By Ken Reed

Rachel Robinson, the widow of Jackie Robinson, baseball’s civil rights pioneer, turned 100 on July 19th, appropriately enough on the day of Major League Baseball’s All-Star Game at Dodger Stadium.

Jackie was a Rookie of the Year, MVP and World Champion for the Brooklyn Dodgers during his Hall of Fame career. He has received immense praise for the courage and determination he showed in breaking baseball’s color barrier and helping to spur the civil rights movement in this country. All well-deserved. However, his wife, Rachel, was a true equal partner on this mission. She has lived an amazing life and accomplished much as a civil rights activist.

Peter Dreier wrote a terrific tribute to Rachel for Common Dreams. Here’s an excerpt:

Much of what Americans know about Rachel Robinson — who turned 100 today, on July 19 — is what they’ve seen in the two major Hollywood films about Jackie. She was portrayed by Ruby Dee in the 1950 film, The Jackie Robinson Story, and by Nicole Beharie in the 2013 hit movie, 42. Both films depict Rachel as Jackie’s supporter, cheerleader, and helpmate, the person who comforted him when he faced abuse, and encouraged him when he was feeling discouraged.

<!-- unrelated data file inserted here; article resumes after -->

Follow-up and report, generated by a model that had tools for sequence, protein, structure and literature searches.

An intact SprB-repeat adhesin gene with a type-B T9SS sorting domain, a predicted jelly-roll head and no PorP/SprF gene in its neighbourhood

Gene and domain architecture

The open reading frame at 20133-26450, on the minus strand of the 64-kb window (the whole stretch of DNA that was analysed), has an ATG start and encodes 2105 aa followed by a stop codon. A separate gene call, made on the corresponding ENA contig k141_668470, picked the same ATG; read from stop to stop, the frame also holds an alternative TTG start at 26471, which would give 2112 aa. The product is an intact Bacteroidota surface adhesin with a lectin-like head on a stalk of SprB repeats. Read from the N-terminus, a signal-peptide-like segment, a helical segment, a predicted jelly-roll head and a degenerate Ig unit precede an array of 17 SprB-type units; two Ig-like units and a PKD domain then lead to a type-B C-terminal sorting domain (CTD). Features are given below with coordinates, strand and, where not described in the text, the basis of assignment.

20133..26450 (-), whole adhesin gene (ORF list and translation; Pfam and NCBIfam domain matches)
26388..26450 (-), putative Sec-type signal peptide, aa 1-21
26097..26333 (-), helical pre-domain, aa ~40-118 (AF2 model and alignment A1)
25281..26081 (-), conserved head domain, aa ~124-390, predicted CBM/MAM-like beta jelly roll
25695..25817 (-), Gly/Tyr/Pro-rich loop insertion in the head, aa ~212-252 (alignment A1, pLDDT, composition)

This is all true, but it is an incomplete picture of this remarkable woman. Rachel Robinson was not only Jackie’s partner, she is also a feminist and civil rights crusader. Within and outside the baseball world, Rachel has been, in her own right, a pioneer for social justice, using her celebrity as a platform to fight for a more equal society.

(See “Rachel Robinson, First Lady of Baseball, Turns 100”)

In addition, Tom Verducci wrote the copy for an excellent video tribute to Rachel. It’s well-worth four minutes of your time.

Ken Reed, Sports Policy Director, League of Fans


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